'The US has returned to the moon': Private company makes historic moon landing with Odysseus probe

A photo snapped by the Odysseus lander as it circled above the moon's surface.
A photo snapped by the Odysseus lander as it circled above the moon's surface. (Image credit: Intuitive Machines)

The first private spacecraft to ever land successfully on the moon touched down safely last night (Feb. 22).

The Odysseus lander, built by Houston-based company Intuitive Machines, arrived near the lunar south pole at 6:23 p.m. ET. It is the first U.S. lander to park on the moon since Apollo 17 in 1972.

And true to its namesake, Odysseus' journey was fraught with trials: In particular, a malfunction in the spacecraft's landing lasers sent mission engineers scrambling. 

Without these lasers, the spacecraft temporarily lacked guidance for estimating landing distances, but after some tense moments, the engineers remotely uploaded a software patch for a NASA backup laser that was also on board.

Further nail-biting minutes followed as engineers worked to establish that the craft had safely landed. Finally, the team detected a faint signal from the moon's surface.

"Houston, Odysseus has found its new home," Tim Crain, the chief technology officer of Intuitive Machines, said as the control room erupted with cheers.

"The U.S. has returned to the Moon," NASA administrator Bill Nelson said in a statement posted on X, formerly known as Twitter.

Related: Intuitive Machines moon lander beams home stunning photos of Earth from space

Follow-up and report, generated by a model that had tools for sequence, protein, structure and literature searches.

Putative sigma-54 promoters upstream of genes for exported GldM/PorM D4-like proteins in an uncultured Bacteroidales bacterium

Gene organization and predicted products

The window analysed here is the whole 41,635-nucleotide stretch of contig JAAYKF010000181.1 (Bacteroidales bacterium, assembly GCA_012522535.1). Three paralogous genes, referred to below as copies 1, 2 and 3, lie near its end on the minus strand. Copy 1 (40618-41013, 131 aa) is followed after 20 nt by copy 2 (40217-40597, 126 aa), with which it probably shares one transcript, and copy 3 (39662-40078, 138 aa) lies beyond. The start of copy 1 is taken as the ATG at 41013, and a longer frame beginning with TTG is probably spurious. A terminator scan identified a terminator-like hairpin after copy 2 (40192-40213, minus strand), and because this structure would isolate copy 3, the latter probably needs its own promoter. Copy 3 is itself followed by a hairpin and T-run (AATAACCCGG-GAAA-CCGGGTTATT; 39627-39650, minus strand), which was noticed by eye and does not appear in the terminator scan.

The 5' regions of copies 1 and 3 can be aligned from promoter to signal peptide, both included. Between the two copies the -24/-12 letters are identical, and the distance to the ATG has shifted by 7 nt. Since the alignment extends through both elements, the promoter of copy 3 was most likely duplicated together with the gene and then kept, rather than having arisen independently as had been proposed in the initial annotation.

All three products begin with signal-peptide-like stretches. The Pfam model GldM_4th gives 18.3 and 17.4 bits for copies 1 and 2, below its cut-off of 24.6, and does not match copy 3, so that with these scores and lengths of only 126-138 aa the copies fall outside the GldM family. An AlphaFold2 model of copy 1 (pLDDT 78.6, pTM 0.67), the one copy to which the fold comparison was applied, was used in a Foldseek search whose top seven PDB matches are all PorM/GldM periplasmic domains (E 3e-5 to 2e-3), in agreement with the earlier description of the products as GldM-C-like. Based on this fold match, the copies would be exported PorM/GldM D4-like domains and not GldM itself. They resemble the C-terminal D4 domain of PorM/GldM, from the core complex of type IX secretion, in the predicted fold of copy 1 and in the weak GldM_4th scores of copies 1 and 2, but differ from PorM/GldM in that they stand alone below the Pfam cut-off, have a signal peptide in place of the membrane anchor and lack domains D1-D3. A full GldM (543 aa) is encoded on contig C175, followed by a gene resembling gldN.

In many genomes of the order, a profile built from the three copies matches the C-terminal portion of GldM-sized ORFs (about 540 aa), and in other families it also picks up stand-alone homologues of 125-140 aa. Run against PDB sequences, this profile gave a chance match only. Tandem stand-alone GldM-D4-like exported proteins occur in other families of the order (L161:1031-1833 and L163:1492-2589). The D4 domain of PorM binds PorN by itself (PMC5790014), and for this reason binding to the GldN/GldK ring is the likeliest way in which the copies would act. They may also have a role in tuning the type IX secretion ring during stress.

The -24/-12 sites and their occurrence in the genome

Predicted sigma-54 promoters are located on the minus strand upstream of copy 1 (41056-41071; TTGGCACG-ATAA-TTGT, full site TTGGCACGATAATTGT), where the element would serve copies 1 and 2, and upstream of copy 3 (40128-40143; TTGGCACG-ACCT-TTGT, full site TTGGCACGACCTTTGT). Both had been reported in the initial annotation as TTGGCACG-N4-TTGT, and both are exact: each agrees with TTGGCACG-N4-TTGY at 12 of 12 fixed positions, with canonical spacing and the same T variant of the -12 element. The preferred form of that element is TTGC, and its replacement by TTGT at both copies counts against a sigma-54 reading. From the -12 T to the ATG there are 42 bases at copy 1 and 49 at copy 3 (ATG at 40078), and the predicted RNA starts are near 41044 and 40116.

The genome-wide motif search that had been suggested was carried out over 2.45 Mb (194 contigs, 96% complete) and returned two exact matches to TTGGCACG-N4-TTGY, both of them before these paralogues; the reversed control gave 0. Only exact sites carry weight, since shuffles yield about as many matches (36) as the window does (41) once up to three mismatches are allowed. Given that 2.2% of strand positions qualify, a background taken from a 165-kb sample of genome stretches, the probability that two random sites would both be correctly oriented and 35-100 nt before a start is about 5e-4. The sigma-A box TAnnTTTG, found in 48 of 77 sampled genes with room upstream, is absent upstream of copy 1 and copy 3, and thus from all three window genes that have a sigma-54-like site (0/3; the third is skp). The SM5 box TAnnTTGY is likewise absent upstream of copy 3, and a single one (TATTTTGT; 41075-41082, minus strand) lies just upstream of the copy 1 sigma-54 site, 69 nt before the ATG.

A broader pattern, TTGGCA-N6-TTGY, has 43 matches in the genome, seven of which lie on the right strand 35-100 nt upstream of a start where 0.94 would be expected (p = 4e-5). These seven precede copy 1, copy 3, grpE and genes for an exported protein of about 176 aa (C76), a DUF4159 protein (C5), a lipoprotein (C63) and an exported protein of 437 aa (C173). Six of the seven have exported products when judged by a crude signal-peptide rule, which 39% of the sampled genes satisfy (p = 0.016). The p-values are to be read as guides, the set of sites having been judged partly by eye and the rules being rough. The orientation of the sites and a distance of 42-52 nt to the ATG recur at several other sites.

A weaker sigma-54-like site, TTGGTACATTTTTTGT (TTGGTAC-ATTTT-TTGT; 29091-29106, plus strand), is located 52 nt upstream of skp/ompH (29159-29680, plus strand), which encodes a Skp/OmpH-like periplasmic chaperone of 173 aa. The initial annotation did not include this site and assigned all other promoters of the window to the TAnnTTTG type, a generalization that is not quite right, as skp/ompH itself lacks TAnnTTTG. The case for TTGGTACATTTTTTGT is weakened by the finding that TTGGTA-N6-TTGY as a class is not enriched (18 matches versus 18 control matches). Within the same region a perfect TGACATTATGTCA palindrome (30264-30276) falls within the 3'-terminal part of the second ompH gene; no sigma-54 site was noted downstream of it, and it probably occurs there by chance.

The Odysseus mission is part of NASA's Commercial Lunar Payload Services program, which the space agency established to incentivize the development of private-sector lunar landers. "Today is a day that shows the power and promise of NASA's commercial partnerships," Nelson said.

A fish-eye camera image of Earth taken by the Odysseus lander.

A fish-eye camera image of Earth taken by the Odysseus lander. (Image credit: Intuitive Machines)

NASA intends to contract these companies to transport cargo and scientific equipment to the moon. "These instruments will prepare us for future human exploration of the Moon under Artemis," the space agency wrote on X.

Launched atop a SpaceX Falcon 9 rocket from Cape Canaveral, Florida on Feb. 15, Odysseus entered lunar orbit on Feb. 21. It completed one tight loop over the lunar surface before slowing for landing with a few precisely timed engine bursts.

The spacecraft landed close to the Malapert A crater in the lunar south pole. The region has long tantalized scientists with the presence of water ice, which could one day be a source for rocket fuel.

NASA sent six payloads on board Odysseus, including a set of cameras designed to study the behavior of moon dust. The cameras are expected to start operating a few hours after landing and will run until lunar night (the fourteen days of darkness when its side of the moon is faced away from the sun) falls in about a week's time.

Odysseus is the second ship to ever land on the moon's south pole and may become the first to take measurements of the conditions there. The first was India's Chandrayaan-3, which touched down successfully in August 2023 but died not long after its arrival.

Sending scientific tech to the moon is far from easy: Five of the last nine moon landing attempts have ended in failure, including last month's Peregrine mission from the Pittsburgh-based company Astrobotic Technology. This lunar lander became stranded in space after an oxidizer leak before crashing back to Earth.

Even somewhat successful landings have had their hitches: Japan's SLIM lander made a record-breakingly precise landing on the moon last month, but it touched down the wrong way up.

Ben Turner
Staff Writer

Ben Turner is a U.K. based staff writer at Live Science. He covers physics and astronomy, among other topics like tech and climate change. He graduated from University College London with a degree in particle physics before training as a journalist. When he's not writing, Ben enjoys reading literature, playing the guitar and embarrassing himself with chess.